into one of the best in the country,"
says athletics director Pierre Arsenault.
"She has done a fantastic job guiding
our unique Mount Allison approach
to intramurals and has expertly built
a program that combines the utmost
quality with everyday access for our
students. The definitive statement on
her work is our astoundingly high
interest and participation rates of
nearly 50 per cent of the student body."
With her personalized approach to
the program, Robinson has increased
the participation in intramurals two
fold since the 1980s. This has resulted
in more than 12 leagues with over 138
different teams. Most of the squads
are co-ed and the sports offered vary
from golf, softball, and ultimate Fris-
bee to curling, hockey, and dodgeball.
Unlike many larger universities that
charge their students fees to play,
Mount Allison boasts no real partici-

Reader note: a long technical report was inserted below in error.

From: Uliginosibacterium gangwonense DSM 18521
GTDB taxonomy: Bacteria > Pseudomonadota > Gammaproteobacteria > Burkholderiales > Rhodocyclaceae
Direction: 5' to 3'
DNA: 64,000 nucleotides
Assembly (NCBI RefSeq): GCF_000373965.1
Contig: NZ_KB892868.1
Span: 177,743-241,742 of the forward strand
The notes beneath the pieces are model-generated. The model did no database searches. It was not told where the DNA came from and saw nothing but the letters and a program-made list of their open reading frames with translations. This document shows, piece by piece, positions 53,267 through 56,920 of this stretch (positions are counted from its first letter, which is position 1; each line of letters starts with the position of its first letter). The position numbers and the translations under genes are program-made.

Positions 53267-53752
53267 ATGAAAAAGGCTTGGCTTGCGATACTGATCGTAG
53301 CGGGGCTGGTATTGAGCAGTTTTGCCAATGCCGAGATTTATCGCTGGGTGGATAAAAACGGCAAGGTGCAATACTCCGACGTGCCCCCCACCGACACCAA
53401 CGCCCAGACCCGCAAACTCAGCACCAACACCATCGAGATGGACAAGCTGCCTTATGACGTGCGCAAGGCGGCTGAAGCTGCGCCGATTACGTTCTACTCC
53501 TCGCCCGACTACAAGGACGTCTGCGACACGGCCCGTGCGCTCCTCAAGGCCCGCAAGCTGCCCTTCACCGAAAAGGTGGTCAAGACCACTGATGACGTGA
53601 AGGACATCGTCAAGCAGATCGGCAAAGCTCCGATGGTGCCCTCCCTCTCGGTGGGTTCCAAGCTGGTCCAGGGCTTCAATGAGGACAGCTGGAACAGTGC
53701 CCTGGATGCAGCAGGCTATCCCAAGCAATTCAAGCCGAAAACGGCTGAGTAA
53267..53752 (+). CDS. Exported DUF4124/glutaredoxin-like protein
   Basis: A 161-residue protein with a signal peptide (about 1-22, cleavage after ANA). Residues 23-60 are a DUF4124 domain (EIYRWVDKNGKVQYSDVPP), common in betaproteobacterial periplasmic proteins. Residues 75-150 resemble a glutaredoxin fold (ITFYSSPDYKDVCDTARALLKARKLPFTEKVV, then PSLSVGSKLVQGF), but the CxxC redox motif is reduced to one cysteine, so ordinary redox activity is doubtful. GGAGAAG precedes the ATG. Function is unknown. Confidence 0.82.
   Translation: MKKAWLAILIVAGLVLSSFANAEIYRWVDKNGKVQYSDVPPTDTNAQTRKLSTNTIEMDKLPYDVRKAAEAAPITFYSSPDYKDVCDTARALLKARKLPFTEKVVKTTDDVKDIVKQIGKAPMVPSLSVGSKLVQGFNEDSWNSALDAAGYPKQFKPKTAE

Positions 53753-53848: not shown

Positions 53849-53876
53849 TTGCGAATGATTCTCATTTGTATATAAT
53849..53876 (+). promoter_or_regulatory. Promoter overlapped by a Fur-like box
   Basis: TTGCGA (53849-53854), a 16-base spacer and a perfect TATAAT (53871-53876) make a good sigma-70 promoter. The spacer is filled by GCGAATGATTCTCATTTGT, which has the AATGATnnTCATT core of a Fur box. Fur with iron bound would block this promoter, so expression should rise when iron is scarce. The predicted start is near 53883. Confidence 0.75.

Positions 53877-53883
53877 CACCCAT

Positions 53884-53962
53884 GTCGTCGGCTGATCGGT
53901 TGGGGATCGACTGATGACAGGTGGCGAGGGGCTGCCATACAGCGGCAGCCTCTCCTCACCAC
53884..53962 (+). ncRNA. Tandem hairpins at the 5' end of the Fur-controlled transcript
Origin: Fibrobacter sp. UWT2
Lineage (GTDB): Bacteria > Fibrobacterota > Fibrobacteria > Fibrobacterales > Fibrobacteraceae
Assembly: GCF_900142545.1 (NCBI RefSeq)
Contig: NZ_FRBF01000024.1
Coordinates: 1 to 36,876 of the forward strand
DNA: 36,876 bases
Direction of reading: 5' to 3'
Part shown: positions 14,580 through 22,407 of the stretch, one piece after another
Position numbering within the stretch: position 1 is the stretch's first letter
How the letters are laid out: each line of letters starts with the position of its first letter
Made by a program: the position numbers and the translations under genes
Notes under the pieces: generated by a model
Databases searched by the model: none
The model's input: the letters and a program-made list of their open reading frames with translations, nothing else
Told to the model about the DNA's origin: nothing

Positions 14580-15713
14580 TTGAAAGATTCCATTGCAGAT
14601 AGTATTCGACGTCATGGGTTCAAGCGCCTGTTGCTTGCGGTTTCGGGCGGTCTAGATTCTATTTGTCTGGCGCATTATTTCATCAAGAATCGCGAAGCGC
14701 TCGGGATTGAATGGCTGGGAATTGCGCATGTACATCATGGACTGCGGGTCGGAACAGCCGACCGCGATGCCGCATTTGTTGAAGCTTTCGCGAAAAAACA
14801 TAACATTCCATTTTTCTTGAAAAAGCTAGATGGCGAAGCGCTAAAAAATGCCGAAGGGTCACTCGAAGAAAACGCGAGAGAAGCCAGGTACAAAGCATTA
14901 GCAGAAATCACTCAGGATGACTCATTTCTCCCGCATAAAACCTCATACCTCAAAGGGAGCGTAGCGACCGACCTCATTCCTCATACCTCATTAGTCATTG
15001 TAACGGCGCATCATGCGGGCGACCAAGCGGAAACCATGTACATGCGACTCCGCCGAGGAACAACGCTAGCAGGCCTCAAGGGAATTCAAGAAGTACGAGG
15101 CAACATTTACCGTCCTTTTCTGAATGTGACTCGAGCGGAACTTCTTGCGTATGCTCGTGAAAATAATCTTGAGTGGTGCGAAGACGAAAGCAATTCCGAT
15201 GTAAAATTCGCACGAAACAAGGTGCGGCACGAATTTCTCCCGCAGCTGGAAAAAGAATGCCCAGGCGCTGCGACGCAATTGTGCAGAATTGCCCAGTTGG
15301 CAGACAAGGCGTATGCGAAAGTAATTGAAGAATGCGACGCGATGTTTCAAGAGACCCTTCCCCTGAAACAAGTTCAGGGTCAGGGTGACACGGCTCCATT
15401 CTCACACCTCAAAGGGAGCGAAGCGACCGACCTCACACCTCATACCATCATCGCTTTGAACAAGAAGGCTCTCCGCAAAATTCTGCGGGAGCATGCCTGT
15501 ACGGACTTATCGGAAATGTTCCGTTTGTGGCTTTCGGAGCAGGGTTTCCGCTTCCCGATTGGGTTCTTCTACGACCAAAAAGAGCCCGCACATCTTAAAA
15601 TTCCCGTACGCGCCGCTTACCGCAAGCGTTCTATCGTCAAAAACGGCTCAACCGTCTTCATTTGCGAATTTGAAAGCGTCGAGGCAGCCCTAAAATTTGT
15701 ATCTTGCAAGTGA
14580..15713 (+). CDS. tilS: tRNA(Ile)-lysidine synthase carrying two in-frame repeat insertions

pation costs for their intramurals and
on many occasions has even arranged
schedules to accommodate students'
Robinson is now in her 27th year of
hosting Mount Allison's intramural
Spirit Night, which is a fun evening
of costumes, team games, and house
rivalries that acts as an icebreaker to
kick start each year.
Between 400 and 500 students
usually pack the gym in themed
costumes trying to win the coveted
Golden Sneaker Award for the best
Mount Allison residence.
For the event's debut in 1986, hun-
dreds of students came to participate
in Rodeo Nite, competing in events
like the heavy horse pull, chuckwagon
races, bull ride, and pony express.
Regardless of the era, Mount Allison's
intra muros mission has remained true
and constant over time. Its purpose,
like the University's, is to help educate
the whole student -- to provide a
diverse range of sports, fitness, and
recreational opportunities that
promote healthy, active lifestyles, lead-
ership, sportsmanship, and teamwork.
And Mount Allison continues to
provide it in its own personal way --
with inclusiveness, interest, school
spirit, and lots of fun via friendly
rivalry -- just like it first did in 1935.